CAINE: Unconsciously I started training for this part many years ago,
when I was a little boy of six and evacuated from London during the war. I was sent
outside to the country and spent six weeks with strangers, and I was not treated very
well. This film is about compassion. I have always had a great compassion for children -
and been appalled by any cruelty to them - and when I came to play Dr. Larch, I knew
exactly what the children would expect from me as a kind person, because I was still that
child anyway. To the children, the grown-up is a dangerous person, big and kind of ugly
and powerful, but he is wonderful if he loves only you. As a metaphor, each child is like
Fay Wray - the only person King Kong loves in the old film they watch every week.
Q: You have performed with a lot of great actors. How was it, for instance, to
work with Laurence Olivier in Sleuth?
A: The part in Sleuth came to me as a lot of other jobs, because Peter O'Toole
had turned it down…[laughs] and I was kind of fearful for Olivier - after all he was
such a giant, one of the greatest actors in the history of theatre. But on the first day I
realised we were in my medium which is film, and not his, which was theatre - so
everything eased up a bit. Then he was fired from his job at the National Theatre, started
taking Valium and could not remember his lines for a week.
As all actors would, I took full advantage of this, screwed him into the ground as much
as possible, then ducked and waited for him to come back at me, which he did. However, it
was a draw. But he was like a hurricane, coming out of nowhere, and suddenly you are
standing in the doorway and the house is gone. One day when we had had a very big scene
going after each other, he gave me the best compliment I have ever had as an actor. He
came up to me and said, 'I thought I had an employee - I see I have a partner.' And we
even became friends.
A star of the stage goes to the theatre, and everybody around him is there to get a
great man's performance out of him. He will stand in full spotlight, wearing a red cloak
and a crown, surrounded by all the other actors in the dark, with black shirts and
trousers. Next day the critics will say, 'What star quality he had - the moment he came on
stage you could not look anywhere else.' In the movies there is no such escape.
Q: Over the years, you have yourself become a sort of icon for a whole
generation of moviegoers. Do you have a ready explanation for that?
A: I was recently asked the same question by a young men's magazine, so I have thought
about it and reached the conclusion that audiences trust me. I come from them. For years
leading characters in films have always been gay men, intellectual men, slightly
suspicious men, ice cold men or impotent men. I am one of the few actors who - in my whole
career - has continuously played heterosexual.
Masculinity is me. There are no doubts about me. People do not look at me and say, 'He
is an actor. I wonder if he is gay or some kind of pervert,' because they know it is 'No'
to both questions. And then they particularly remember three films. In The Italian Job we
went to Italy and won the football. Pretty good for a young guy. In Alfie I seduced every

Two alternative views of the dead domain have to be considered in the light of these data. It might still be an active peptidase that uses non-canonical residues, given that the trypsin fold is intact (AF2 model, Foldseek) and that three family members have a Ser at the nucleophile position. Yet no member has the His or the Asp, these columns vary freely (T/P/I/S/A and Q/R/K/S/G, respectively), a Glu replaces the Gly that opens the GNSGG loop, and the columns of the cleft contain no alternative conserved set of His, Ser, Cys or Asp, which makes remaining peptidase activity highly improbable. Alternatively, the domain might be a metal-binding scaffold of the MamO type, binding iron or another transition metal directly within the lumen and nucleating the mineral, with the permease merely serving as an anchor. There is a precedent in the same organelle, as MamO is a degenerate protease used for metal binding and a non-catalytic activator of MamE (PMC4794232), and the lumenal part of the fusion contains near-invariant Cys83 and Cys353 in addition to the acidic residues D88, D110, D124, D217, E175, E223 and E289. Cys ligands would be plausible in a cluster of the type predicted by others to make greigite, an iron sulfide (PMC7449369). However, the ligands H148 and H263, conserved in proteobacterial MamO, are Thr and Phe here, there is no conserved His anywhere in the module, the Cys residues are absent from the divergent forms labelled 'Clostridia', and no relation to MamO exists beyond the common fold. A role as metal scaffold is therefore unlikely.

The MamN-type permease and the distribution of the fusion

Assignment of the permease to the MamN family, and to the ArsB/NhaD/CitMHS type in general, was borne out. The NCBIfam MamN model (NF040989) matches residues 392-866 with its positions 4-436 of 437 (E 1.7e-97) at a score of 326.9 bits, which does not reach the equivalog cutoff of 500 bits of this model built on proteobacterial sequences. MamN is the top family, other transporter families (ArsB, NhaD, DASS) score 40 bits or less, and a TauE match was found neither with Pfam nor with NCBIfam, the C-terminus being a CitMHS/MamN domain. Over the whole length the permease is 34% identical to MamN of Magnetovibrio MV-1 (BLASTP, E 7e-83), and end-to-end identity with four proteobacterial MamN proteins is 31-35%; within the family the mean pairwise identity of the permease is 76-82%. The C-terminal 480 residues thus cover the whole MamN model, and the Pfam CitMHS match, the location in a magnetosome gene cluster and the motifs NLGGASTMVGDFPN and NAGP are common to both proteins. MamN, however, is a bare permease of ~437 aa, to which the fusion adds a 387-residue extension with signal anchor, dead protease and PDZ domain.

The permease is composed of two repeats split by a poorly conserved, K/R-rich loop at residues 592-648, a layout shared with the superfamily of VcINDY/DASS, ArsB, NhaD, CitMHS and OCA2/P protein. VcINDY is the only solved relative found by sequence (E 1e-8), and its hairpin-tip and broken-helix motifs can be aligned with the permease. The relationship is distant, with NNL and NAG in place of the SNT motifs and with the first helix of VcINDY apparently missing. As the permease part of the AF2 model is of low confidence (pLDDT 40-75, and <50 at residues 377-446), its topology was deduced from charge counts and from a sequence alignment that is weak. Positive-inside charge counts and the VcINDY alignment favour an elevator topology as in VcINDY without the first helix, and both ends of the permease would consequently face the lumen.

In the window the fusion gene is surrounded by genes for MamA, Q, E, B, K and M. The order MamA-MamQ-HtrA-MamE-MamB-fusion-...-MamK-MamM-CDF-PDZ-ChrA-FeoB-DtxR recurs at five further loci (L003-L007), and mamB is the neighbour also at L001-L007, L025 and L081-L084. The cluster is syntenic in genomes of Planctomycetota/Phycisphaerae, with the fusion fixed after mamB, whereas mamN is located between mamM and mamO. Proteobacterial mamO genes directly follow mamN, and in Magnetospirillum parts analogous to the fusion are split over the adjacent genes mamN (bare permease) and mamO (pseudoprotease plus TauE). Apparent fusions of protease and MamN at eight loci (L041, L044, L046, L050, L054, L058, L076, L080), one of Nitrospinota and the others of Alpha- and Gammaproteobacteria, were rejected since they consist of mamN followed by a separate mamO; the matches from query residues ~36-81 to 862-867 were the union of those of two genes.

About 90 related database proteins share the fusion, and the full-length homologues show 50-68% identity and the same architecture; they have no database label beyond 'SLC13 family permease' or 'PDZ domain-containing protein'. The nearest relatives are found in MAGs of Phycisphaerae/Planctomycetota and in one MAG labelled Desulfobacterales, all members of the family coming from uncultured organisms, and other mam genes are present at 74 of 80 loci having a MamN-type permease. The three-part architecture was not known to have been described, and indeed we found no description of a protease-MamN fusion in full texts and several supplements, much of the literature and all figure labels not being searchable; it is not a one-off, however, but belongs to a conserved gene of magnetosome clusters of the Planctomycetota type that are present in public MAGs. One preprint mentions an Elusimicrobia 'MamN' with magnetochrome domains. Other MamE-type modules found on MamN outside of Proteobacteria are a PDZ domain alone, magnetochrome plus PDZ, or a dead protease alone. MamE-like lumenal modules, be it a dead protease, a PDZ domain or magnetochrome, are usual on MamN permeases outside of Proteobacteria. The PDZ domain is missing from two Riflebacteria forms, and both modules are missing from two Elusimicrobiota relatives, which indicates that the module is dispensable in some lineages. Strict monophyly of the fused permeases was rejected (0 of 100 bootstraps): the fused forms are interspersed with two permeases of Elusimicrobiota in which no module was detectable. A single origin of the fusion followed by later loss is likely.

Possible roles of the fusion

woman I ever met in the movie. Pretty good for a young guy. In Get Carter I slapped the
nose of everybody who stepped out of line. Pretty good for a young guy. Win the football,
get the girls, beat up anyone you do not like - for 30 years I have represented that to an
entire generation of English males, and believe it or not: I am proud of it [laughs].
Q: Who were your own film icons?
A: When I was a boy looking for a Michael Caine, Burt Lancaster came out, and I knew I had
met my match. I loved American war movies, not the British - and not from lack of
patriotism - but the British were about officers, and the American about ordinary
soldiers. I grew up watching Robert Taylor and Tyrone Power, extremely handsome men, and I
kept looking in the mirror and said, 'Oh, I failed here.' Humphrey Bogart and Spencer
Tracy - they never looked as if they were acting. I was always amazed at their
If you watch Bogart, he was a man who could talk - he would do six pages of dialogues
in half a minute, and tell the whole story to you, without raising his lip. My all-time
favourite films were - and are - black and white, Elia Kazan's On the Waterfront, Orson
Welles' Citizen Kane, Carol Reed's The Third Man. But the greatest of them all - and I
could be a little biased here, because both Bogart and Tracy were dead when I came to
Hollywood - was Cary Grant, whom I met, and we became great friends. I always adored him
and wanted to be like him, but I never made it ... well, maybe one day.
Q: Another icon - Sylvester Stallone - will play your part in a remake of Get
Carter from 1970. How do you feel about that?
A: I have already been offered a part in it, so I am all for it. I am sure Sly
will make a good gangster, but the film will be entirely different from ours - set in New
York, with an American cast, and a lot more stunts and special effects. The producer will
realise that the original Get Carter was made for less than it will cost him to pay for
Sly's entourage. Much more money will be slung at it, and I just hope they will sling some
of it on to me.
Q: Is there a difference between British and American humour?
A: The best sense of humour in the world is New Yorker Jewish. When the European Jews
emigrated to America, they were so happy to get out of here that they saw the funny side
in everything. The rest of us who were stuck in England had to see the funny side in
everything out of pure desperation. Opposite the American humour, the British is full of
irony, because it comes either from very, very smart people at universities or from
prisons, where ancestors of the likes of me invented it to confound the wardens [laughs].